Editor's Note


Illustration by Jacqui Lee

Illustration by Jacqui Lee

It’s human nature to casually assert that something is better or worse than it used to be, even if at times it’s difficult to tell. Some things just seem obvious. Medical care, industrial design, and professional hockey: all better than they used to be. Public schools, air travel, and late-night talk shows: all worse. Or so it seems to me. Many, of course, would disagree. And, if pressed, I’d have to acknowledge that my judgments are almost entirely subjective and frequently clouded by nostalgia. Yearning for an idealized past is also human nature—and, to the extent that it obscures our view of the present, troublesome.

If I say that the quality of public discourse has declined since the ’60s, am I simply idealizing the past, or were the politicians of that era more constructive? If my recollections of the public utterances of Lester B. Pearson, John Diefenbaker, and Tommy Douglas are rose coloured, then my criticisms of their successors are unfair. If what is said on political platforms today in fact suffers by comparison, then I’m right to complain and expect something to be done about it. But which is it? And since I haven’t reread the speeches of Pearson, Diefenbaker, and Douglas, how would I know?

There’s nothing nostalgic about an important new book by Steven Pinker, the Canadian-born Harvard psychologist whose research on language and cognition has made him one of our most influential thinkers. In The Better Angels of Our Nature: Why Violence Has Declined, he argues that the world was more violent in the past and that this is the most peaceful era in human history. If that seems counterintuitive, it’s because (as he acknowledges in his preface) we are psychologically predisposed to believe that we live in violent times. Apparently, the human mind tends to estimate the probability of an event based on the ease with which it can recall examples, and the examples we receive from the mass media—Syria, Rwanda, Sarajevo, and so on—are more likely to be violent than not.

The violence we experience today is real enough; it’s just that, according to Pinker, there’s less of it. Much less. He calculates, for instance, that if the wars of the twentieth century had killed the percentage of people who died in the wars of tribal societies, the toll would have been not 100 million, but two billion. Yet Pinker isn’t concerned only with violence among tribes, nations, and states; violence has declined in every precinct of our lives, including the family, and the question he sets out to answer is why. The mind, he writes, is a complex system of cognitive and emotional faculties. Some incline us toward violence, and others—“the better angels of our nature,” in the words of Abraham Lincoln—toward co-operation and peace. How, Pinker wonders, did our peaceable inclinations get the upper hand? Or, as he put it in The New Republic in 2007, we must be doing something right, and “it would be nice to know what, exactly, it is.”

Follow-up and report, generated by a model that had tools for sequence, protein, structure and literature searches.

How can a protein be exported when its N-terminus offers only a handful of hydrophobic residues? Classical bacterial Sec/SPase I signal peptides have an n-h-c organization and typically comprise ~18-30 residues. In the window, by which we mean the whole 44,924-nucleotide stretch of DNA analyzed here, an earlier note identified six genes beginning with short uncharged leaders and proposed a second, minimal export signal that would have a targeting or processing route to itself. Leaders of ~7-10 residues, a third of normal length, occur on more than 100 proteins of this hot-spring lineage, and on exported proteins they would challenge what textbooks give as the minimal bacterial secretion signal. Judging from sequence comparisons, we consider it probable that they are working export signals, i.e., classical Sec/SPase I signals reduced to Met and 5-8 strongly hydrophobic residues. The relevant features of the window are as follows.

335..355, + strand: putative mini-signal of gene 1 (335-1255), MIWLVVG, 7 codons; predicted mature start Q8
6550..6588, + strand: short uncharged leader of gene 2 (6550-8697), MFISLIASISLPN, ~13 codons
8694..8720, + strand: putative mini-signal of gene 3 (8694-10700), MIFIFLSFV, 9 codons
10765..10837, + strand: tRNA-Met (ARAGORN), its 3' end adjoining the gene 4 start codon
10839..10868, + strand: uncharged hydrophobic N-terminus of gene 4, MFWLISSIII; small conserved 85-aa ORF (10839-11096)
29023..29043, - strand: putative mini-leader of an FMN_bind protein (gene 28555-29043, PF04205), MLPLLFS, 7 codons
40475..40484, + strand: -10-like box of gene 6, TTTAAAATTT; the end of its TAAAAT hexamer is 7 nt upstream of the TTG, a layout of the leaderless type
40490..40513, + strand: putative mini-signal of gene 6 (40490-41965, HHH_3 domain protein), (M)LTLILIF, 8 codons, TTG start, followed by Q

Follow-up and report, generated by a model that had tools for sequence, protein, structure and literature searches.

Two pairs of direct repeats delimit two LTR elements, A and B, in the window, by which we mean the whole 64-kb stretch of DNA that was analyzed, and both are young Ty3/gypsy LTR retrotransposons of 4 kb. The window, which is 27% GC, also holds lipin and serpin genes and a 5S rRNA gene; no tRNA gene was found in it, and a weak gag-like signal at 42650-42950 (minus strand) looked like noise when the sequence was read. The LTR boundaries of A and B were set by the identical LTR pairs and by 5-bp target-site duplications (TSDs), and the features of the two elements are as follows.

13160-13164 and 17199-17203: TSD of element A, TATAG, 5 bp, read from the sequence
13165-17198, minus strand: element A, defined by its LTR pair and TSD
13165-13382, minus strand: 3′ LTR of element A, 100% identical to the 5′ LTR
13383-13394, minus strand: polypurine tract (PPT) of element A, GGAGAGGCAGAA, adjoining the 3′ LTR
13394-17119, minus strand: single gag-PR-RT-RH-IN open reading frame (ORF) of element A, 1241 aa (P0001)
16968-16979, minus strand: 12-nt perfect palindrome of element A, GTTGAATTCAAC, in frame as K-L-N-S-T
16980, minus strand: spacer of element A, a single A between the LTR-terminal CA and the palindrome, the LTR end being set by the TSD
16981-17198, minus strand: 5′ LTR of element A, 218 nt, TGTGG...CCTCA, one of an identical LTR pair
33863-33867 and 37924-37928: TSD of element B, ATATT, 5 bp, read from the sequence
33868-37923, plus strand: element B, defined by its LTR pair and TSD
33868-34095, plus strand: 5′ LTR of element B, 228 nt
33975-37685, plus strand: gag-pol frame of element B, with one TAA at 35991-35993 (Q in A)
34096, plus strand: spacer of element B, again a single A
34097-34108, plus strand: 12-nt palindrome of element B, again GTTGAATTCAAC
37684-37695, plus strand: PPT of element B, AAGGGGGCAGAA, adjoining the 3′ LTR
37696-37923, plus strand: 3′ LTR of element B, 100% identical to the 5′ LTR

Exactly what it is, is hard to pin down, but Pinker—who describes his book as a tale of six trends, five inner demons, four better angels, and five historical forces—points to, among other things, democracy, trade, the spread of ideas, the empowerment of women, the ascendance of reason, and the state monopoly on force. The Better Angels of Our Nature is, in the author’s words, about “what may be the most important thing that has ever happened in human history.” Based on research in history, psychology, cognitive science, economics, and sociology, it also reminds us that, when it comes to measuring human progress, scholarship and science are more reliable tools than memory. And it raises the question: if we missed something this big, what else have we missed?

Sometimes our eyes and minds deceive us. And often it doesn’t matter. If I’m wrong about late-night talk shows, so what? But sometimes it does. Schools matter a great deal, and if I have no real evidence that they’re declining, then maybe I should reserve judgment. Pinker’s brilliant book enjoins us to say, more often than we do, those other three little words: I don’t know.

This appeared in the May 2012 issue.

John Macfarlane is the editor and co-publisher of The Walrus.

Jacqui Lee works as a freelance artist in Vancouver.

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